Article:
), with the predicate as a condition.
With these changes, the TCC becomes
append_nat_TCC1: OBLIGATION FORALL (a, b: list[nat], x: int, y: list[int]): every({i: int | i >= 0})(append_int(a, b)) AND a = cons(x, y) IMPLIES every[int]({i: int | i >= 0})(cons[int](x, append_int(y, b))); |
and this is easily discharged automatically (e.g., with grind
).
Note that recursive judgements are used in exactly the same way as the non-recursive form; the only difference is in the generated TCCs.
Recursive judgements are only allowed on recursive functions, and they are only for closure conditions (i.e., arguments must be provided). If a non-recursive judgement is given where a recursive judgement would apply, then a warning is output. In general, recursive judgements are preferred. In fact, we considered making it the default behavior for judgements on recursive functions, but this would make existing proofs fail.
To support the Yices interface, several operators from the bitvector
library have been moved to the prelude. These are in the new theories
floor_div_props
, mod
, bv_arith_nat_defs
,
bv_int_defs
, bv_arithmetic_defs
, and
bv_extend_defs
. The floor_div_props
and mod
theories have been moved completely, the rest have only had the
operators added to the prelude - the rest of the theory, along with
lemmas and other useful declarations, is still in the bitvector
library - just drop the _def
for the corresponding theory.
Note that this can have some side effects. For example, the WIFT
tutorial adder
example expects conversions to be used in a
certain way because there were no arithmetic operators on bit
vectors. Now that there are such operators, conversions no longer are
needed, and proofs obviously fail.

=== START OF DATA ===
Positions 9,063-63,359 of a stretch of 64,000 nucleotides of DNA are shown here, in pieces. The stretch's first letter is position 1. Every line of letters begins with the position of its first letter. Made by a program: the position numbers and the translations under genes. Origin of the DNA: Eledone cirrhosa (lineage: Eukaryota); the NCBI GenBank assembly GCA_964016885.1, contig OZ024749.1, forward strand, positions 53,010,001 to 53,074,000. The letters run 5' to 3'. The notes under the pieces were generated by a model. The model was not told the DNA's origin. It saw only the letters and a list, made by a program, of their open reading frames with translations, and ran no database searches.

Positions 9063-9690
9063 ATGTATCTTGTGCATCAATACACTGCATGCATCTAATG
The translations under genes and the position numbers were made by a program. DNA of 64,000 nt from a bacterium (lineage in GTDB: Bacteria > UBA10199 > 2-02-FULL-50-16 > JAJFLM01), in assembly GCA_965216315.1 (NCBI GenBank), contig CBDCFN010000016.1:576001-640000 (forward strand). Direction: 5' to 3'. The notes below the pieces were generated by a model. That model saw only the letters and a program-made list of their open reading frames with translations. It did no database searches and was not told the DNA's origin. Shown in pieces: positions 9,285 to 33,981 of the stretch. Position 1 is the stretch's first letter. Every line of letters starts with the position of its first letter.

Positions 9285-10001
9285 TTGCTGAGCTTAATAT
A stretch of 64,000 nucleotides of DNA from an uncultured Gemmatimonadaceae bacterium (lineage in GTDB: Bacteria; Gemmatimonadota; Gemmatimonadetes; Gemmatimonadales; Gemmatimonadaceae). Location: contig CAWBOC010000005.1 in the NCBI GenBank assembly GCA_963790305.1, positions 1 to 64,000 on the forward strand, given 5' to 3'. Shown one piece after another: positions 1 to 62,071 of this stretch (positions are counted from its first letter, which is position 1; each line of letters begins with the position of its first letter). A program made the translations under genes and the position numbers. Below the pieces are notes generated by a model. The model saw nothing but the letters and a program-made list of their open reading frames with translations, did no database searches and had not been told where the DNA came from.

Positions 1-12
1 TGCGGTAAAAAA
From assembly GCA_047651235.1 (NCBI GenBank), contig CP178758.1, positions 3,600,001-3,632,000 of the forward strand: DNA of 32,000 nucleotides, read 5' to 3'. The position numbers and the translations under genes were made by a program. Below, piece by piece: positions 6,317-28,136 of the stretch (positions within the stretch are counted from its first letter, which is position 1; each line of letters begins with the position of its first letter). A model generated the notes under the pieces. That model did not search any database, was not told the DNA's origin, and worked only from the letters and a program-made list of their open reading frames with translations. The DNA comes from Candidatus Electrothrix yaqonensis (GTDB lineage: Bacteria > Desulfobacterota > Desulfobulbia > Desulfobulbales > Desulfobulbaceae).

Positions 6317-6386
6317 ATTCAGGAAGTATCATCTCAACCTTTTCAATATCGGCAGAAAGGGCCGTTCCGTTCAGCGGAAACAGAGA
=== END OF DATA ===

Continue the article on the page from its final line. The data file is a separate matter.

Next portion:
PVS now has support for decimal representation of numbers, for
example, 3.1416
. Internally, this is treated as a fraction, in
this case 31416/10000
. So there is no floating point
arithmetic involved, and the results are exact, since Common Lisp
represents fractions exactly. The decimal representation must start
with an integer, i.e., 0.007
rather than .007
.
+
The +
operator may now be used as a unary operator. Note that
there is no definition for unary +
, for example, +1
will
lead to a type error. This was added primarily for user declarations.
This version fixes many (though not all) bugs. Generally those marked as
analyzed
in the PVS bugs list have been fixed, and most have
been incorporated into our validation suite.
There were some improvements made to judgements and TCC generation, that in some cases lead to different forms of TCCs. In the validation suite, these were all easily detected and the proofs were not difficult to repair.
It was noted in bug number 920 that the instantiator only looks for
matches within the sequent, though often there are matches from the
Skolem constants that are not visible. The inst?
command was
modified to look in the Skolem constants as a last resort, so earlier
proofs would still work. Unfortunately, grind
and similar
strategies use inst?
eagerly, and may now find a Skolem
constant match that is incorrect, rather than waiting for a better
match after further processing. This is exactly the problem that
lazy-grind
was created for. In our validation suite only a
few formulas needed to be repaired, and those generally could be fixed
simply by replacing grind
by lazy-grind
. Since hidden
Skolem constants are difficult for a new user to deal with, we feel
that this is a worthwhile change.